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  • Johann Sebastian Bach (1685 - 1750):
  • 1Sinfonia (From Christmas Oratorio, BWV 248)05:58
  • 2"Wir singen Dir in Deinem Heer" (From Christmas Oratorio, BWV 248)01:19
  • Georg Friedrich Händel (1685 - 1759):
  • 3Pifa (From Messiah, HWV 56)02:38
  • Johann David Heinichen (1683 - 1729):
  • 4Pastorale per la notte di Natale04:56
  • Antonio Vivaldi (1678 - 1741): Violin Concerto in E Major, RV 270 "per il S. Natale":
  • 5Violin Concerto in E Major, RV 270 "per il S. Natale": I. Allegro05:28
  • 6Violin Concerto in E Major, RV 270 "per il S. Natale": II. Adagio01:01
  • 7Violin Concerto in E Major, RV 270 "per il S. Natale": III. Allegro02:19
  • Arcangelo Corelli (1653 - 1713):
  • 8Allegro. Largo (From Concerto grosso, Op. 6 No. 8)05:22
  • Georg Philipp Telemann (1681 - 1767):
  • 9Siciliano (From Oboe Concerto, TWV 51:A2)02:32
  • Francesco Manfredini (1684 - 1762):
  • 10Largo (From Concerto gross, Op. 3 No. 12)03:51
  • Antonio Vivaldi (1678 - 1741):
  • 11Domine Deus (From Gloria, RV 589)03:14
  • Johann Baer (1655 - 1700):
  • 12Siciliano (From Concerto a 4 in B Major)01:42
  • Johann Georg Röllig (1710 - 1790):
  • 13Siciliano (From Concerto in D Major)04:02
  • Johann Joachim Quantz (1697 - 1773):
  • 14Siciliano (From Concerto in E-Flat Major)03:01
  • Antonio Vivaldi (1678 - 1741)
  • 15Larghetto (From Concerto, RV 539)02:18
  • Michael Praetorius (1571 - 1621):
  • 16In Dulci Jubilo (From Musae Sioniae) [Arg. Ludwig Güttler]07:03
  • Joseph Haydn (1732 - 1809):
  • 17Andante (From Trumpet Concerto, Hob. VIIe:1)04:06
  • Georg Friedrich Händel (1685 - 1759):
  • 18"He shall feed his flock" (From Messiah, HWV 56)04:54
  • Johann Sebastian Bach (1685 - 1750):
  • 19Larghetto (From Concerto, BWV 1055)05:05
  • Franz Xaver Gruber (1787 - 1863):
  • 20Stille Nacht, Heilige Nacht02:52
  • Total Runtime01:13:41

Info for Stille Nacht, Heilige Nacht

200 years ago in a small Austrian village, the world's most famous Christmas carol was created. Ludwig Güttler, who celebrated his 75th birthday this year, is commemorating this special anniversary with a special edition.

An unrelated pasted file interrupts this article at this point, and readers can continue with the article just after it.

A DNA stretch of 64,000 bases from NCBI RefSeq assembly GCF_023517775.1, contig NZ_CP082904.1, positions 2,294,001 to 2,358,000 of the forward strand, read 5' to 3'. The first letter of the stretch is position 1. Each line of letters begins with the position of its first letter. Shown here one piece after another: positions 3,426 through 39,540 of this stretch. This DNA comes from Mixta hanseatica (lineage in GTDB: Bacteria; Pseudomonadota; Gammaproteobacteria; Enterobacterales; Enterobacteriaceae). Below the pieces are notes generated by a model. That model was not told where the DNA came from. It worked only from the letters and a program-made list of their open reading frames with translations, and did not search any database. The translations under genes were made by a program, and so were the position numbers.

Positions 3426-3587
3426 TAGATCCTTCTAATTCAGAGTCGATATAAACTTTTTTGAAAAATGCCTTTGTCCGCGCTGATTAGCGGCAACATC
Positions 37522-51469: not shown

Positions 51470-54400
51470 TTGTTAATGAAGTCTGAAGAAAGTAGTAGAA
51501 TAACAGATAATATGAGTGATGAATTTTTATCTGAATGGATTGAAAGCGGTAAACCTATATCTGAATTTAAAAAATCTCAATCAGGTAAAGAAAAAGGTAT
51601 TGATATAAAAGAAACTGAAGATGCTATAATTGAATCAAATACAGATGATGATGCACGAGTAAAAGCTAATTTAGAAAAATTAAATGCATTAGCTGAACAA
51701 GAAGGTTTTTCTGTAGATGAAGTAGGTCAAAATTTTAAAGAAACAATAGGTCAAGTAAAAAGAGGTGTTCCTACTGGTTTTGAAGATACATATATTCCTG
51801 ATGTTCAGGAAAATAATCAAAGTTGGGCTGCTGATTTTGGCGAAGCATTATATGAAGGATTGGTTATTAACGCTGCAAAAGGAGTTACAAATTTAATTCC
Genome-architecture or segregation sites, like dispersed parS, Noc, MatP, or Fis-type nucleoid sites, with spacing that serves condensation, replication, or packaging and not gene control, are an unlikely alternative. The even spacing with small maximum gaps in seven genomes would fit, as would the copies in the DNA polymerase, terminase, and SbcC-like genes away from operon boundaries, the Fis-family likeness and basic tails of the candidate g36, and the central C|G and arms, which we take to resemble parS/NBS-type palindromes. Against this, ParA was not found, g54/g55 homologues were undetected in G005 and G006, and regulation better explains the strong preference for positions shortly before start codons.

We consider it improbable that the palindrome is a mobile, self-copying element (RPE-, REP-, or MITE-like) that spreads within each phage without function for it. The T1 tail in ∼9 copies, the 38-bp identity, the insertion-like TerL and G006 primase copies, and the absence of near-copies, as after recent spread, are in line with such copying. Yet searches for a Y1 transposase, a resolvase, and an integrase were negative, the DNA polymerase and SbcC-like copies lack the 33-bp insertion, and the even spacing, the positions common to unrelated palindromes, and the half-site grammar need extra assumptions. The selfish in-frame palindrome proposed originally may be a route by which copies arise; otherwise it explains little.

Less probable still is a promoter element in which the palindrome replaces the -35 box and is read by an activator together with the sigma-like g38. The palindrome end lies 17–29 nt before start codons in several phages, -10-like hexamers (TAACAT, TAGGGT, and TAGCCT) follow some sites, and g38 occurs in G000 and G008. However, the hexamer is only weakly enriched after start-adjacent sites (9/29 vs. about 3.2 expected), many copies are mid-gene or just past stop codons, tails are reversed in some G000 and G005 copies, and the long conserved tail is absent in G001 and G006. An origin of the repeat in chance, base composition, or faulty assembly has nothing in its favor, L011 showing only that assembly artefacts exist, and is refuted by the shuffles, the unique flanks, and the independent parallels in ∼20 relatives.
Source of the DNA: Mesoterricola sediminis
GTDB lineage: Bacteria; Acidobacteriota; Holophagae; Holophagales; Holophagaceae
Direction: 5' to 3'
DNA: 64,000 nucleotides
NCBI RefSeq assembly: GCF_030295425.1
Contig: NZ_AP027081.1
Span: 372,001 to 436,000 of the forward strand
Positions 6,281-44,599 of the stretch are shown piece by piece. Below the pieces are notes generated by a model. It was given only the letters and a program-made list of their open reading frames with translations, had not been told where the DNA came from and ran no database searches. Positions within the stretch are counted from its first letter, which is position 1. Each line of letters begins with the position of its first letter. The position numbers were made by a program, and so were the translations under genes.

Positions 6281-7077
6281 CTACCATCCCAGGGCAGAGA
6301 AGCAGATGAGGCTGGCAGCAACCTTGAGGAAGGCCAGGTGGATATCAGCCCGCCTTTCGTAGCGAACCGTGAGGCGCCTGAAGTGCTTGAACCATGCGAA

Take time in the summer to think about the winter, country folk would say. That is just as true of albums compiled to celebrate the happiest days of the year. In this record-breaking sultry summer, Ludwig Güttler has been giving some thought to how to celebrate the 200th aniversary of this global song appropriately. "It is one of the first carols I learned to play on the accordion, a present I was given for Christmas after my fifth birthday," recalls Ludwig Güttler, who remembers that when he was a child, everybody sang along. In fact it took him a long time to understand how anybody sitting in church could stay still to the sound of "Stille Nacht".

It is said to have been sung for the first time at Midnight Mass on Christmas night 1818 in the little town of Oberndorf near Salzburg, conceived by organist Franz Xaver Gruber and assistant priest Joseph Mohr. A song whose text may not be great literature, but has a tune that moves people and stirs them all over the world. Ludwig Güttler is especially at home in the 17th- and 18th-century vocal-instrumental music that flourished in Europe on both sides of the Alps. "I want to present a selection that shows how this Christmas song came to be written, and I have sought to depict the musical world that inspired its Oberndorf composers," explains Güttler.

In addition to the best recordings from his gigantic catalogue, there are also recordings that have not yet been publihed: Güttler has arranged "Silent Night, Holy Night!" for his brass ensemble, clad each of the six verses in an instrumental garb of its own and recorded it in the summer in Zwettl in Austria. He begins with a solo for Waldhorn, after which the melody instrument keeps changing, while various groupings add colour and diversity. The sheer variety of combinations in the brass ensemble are perceptible and intriguing. Right at the end there is a play on the echo, dying away for ever and for ever – altogether in accord with a song destined for eternity and providing impetus for reflection on the meaning of life.

Ludwig Güttler, trumpet
Blechbläserensemble Ludwig Güttler
Virtuosi Saxoniae

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